Aid effectiveness can not be dealt with in isolation
Aid effectiveness can not be dealt with in isolation. At the same time a paradigm shift from 'aid effectiveness to development effectiveness' is increasingly argued for in international development. An evolutionary approach of 'Aid and Development' effectiveness can be useful for expanding the development agenda's inclusiveness of broader global concerns.
When dealing with aid and development, aid is only the ‘means’ and aid effectiveness can be enhanced by proper allocation of the means in the primary agendas of international concern. At the same time development is the ‘end’ and hence can be enhanced by participation and inclusion of the broader sphere of development beneficiaries in the process. An affirmative approach of inclusion and participation of the excluded and marginalized population in the development process from the very beginning of the agenda setting to the implementation of the projects , can assure aid and development effectiveness.
There should be a broader consensus among beneficiaries, target groups, interest groups and stakeholders along with the donor and recipient communities. The very process should encourage the participation of these groups in international forums for debate and discussions before setting the agendas to deal with international concerns like security, migration and climate policies.
The very process of adaptation to the global risks and challenges is not currently regarded as development. It is the entire process of becoming ready for development but it is not recognized as a development process in itself. The conditions set for the allocation of aid should be need-based and should be led by the interest of the recipient communities. Following this argument, rights to development should be incorporated in a broader framework of human rights. Similarly the right to adaptation can be dealt with in a comprehensive framework of environmental rights and hence the impact of developed economies on the environment of developing and least developed economies should be compensated through the principles of compensation on environmental rights. Security should be dealt with in a comprehensive approach based on human security. Aid in the name of security should not be overemphasized and demeaned in terms of aid for weapons and militarization. The majority of the population is being exploited by such aid interventions and hence there is the utmost need to reform the international aid regime in this context.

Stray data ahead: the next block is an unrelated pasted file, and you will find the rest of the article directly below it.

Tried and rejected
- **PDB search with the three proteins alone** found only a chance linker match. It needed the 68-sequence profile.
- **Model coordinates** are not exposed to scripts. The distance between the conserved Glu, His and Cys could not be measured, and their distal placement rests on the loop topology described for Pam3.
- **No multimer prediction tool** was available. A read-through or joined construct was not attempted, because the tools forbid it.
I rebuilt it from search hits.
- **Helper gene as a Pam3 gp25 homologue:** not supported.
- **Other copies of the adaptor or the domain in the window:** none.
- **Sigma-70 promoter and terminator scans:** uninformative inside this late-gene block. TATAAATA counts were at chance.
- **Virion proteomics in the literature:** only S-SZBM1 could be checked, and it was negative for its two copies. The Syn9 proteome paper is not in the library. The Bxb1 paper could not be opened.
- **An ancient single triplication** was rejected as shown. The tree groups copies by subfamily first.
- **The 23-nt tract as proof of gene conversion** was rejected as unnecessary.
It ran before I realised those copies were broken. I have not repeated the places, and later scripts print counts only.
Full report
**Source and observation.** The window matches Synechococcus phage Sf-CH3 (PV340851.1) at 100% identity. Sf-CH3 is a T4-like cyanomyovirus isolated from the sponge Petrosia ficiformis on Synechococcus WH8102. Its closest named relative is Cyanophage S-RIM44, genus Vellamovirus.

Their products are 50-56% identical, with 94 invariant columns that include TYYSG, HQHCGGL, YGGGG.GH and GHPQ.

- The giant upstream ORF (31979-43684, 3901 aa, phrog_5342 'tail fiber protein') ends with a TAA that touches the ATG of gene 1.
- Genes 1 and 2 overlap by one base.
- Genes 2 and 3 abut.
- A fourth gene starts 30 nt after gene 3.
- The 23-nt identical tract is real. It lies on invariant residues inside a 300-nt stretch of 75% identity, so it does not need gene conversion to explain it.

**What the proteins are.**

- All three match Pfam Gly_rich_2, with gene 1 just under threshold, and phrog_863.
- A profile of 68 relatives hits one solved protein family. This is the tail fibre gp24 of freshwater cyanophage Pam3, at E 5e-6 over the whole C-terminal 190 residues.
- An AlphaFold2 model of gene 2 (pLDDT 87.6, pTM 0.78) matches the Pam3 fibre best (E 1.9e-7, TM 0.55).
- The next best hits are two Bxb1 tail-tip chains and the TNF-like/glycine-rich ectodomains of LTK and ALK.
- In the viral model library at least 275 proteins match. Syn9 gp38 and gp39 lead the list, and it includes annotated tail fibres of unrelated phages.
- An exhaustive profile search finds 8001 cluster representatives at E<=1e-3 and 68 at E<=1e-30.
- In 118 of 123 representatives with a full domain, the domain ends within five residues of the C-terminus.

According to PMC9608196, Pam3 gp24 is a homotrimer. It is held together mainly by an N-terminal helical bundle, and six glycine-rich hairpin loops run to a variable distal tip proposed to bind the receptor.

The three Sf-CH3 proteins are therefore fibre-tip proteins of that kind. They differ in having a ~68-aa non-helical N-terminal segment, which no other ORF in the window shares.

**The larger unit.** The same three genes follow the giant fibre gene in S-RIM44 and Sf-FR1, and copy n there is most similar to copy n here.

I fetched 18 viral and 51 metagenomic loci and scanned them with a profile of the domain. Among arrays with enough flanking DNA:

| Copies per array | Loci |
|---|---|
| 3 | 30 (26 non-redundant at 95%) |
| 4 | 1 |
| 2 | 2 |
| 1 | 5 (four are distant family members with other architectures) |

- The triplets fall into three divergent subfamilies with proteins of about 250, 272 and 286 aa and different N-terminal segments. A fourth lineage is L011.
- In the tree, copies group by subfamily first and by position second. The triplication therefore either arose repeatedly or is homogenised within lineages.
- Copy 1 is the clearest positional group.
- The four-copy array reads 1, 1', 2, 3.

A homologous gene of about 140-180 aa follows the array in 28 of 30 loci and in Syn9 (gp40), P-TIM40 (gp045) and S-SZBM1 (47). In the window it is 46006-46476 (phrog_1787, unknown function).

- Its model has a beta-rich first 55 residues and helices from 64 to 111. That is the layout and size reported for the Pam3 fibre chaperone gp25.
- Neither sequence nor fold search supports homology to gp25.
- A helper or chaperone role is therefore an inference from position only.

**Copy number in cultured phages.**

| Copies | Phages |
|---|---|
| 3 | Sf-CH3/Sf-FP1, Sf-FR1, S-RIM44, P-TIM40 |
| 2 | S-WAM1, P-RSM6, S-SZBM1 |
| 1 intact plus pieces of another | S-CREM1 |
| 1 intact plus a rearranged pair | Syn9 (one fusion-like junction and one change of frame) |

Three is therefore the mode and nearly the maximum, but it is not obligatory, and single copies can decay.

Busan can certainly provide a proper forum to discuss and debate aid reform and aid and development effectiveness. The HLF 2011 in Busan provides hope for a new course in development. It can be praised as a greater leap in the course of international development if it manages to advocate for a development agenda based on the spirit of aid and development for social justice.
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